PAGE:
Ever thought of, perhaps, putting your hand up and actually contributing something to the team yourself if the coaches are getting it so wrong?
 
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Amazed that no-one seems to be willing to point the finger at the multimillionaires currently occupying our top six, and their complete unwillingness to apply themselves and change or modify the clear defects in their technique, despite each of them having access to the best coaching and analysis in their states and the country.

Instead it's seven-to-ten-year-olds and volunteer coaches to blame.
Given the thesis of this thread is that junior development is where the defects have to be detected and changed, it wouldn't make much sense to copy every other thread which is blagging on the current team.
 

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Ed Cowan was fantastic on the ABC the last few days.

He pretty much echoed western royboy's sentiment of needing better coaching in the lower grades. That was his first suggestion.

Also blamed Pat Howard for a lot of ****. Said Pat Howard would tell him how he should bat and how he tried to shape cricket in this country like Rugby Union but he failed miserably.

How a guy like that had so much influence over cricket in this country is ******* scary.

It was a great listen.
It’s true and correct , the really sad part is a lot of people saw this a long time ago in junior and lower grade development and nothing was done then and still hasn’t been .
 

acuguy

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Amazed that no-one seems to be willing to point the finger at the multimillionaires currently occupying our top six, and their complete unwillingness to apply themselves and change or modify the clear defects in their technique, despite each of them having access to the best coaching and analysis in their states and the country.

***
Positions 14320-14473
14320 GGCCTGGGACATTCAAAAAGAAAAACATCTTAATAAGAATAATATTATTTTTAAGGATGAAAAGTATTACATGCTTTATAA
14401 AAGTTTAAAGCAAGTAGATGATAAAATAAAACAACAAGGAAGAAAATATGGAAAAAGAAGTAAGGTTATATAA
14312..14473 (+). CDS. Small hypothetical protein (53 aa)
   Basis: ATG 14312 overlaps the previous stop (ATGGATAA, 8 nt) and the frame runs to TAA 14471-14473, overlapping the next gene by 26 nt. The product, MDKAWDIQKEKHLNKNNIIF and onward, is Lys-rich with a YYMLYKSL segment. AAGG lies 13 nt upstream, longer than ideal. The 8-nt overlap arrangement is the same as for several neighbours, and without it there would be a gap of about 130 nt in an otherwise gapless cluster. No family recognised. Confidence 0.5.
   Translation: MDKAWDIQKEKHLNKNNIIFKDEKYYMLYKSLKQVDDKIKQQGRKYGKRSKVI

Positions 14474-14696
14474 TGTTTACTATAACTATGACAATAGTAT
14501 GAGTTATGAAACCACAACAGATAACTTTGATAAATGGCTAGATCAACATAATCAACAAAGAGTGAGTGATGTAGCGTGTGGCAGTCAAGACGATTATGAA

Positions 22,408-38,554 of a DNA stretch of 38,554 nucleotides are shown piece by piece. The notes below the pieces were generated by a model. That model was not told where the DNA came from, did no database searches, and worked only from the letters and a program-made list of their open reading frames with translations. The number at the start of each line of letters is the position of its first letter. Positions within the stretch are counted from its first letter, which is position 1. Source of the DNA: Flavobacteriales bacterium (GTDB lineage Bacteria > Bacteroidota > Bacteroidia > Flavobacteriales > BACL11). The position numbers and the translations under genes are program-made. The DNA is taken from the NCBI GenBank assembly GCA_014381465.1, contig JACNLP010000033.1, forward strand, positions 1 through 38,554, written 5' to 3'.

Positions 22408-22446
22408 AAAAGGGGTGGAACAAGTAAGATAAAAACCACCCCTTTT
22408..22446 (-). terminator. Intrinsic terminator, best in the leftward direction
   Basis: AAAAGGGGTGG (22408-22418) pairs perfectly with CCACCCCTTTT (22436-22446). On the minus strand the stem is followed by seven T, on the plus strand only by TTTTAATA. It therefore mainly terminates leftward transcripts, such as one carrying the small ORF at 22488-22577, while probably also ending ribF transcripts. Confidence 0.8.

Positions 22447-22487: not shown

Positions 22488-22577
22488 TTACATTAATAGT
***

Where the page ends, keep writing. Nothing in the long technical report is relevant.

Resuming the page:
Instead it's seven-to-ten-year-olds and volunteer coaches to blame.



Ever thought of, perhaps, putting your hand up and actually contributing something to the team yourself if the coaches are getting it so wrong?
I coach the boys footy, don't want to be that dad.
 

t_94

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The art of rotating strike to get your innings going is interesting to me. Its an often used line 'get yourself going with singles, pick the gaps, run hard' but it is a skill that a lot of batsmen seem to struggle with. Head for example yesterday got pinned down immediately before his dismissal and then got out to a poor shot. Its something we see often.

In club cricket it is my observation that players generally score a 50 at a run or ball or go at a 35 strike rate. There are few who consistently motor at say a 65 strike rate taking few risks. Neither is the optimum for making big scores unless you have the requisite concentration and fitness for a 250 ball stay, rather than a 150 ball one. Its my observation that first grade players who have had a taste of the next level are streets ahead in this area.

So i guess the question im trying to ask from the ramblings above is: 'what are the requsite skills to the critical skill of strike rotation that are not being sufficently taught at a a young age'. Is it 'wanger'/ bowling machine syndrome? More importantly how is it rectified?
 
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big_e

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I coach the boys footy, don't want to be that dad.
Just be that dad. And if anyone complains, ask them how many hours they spend volunteering to help other peoples kids.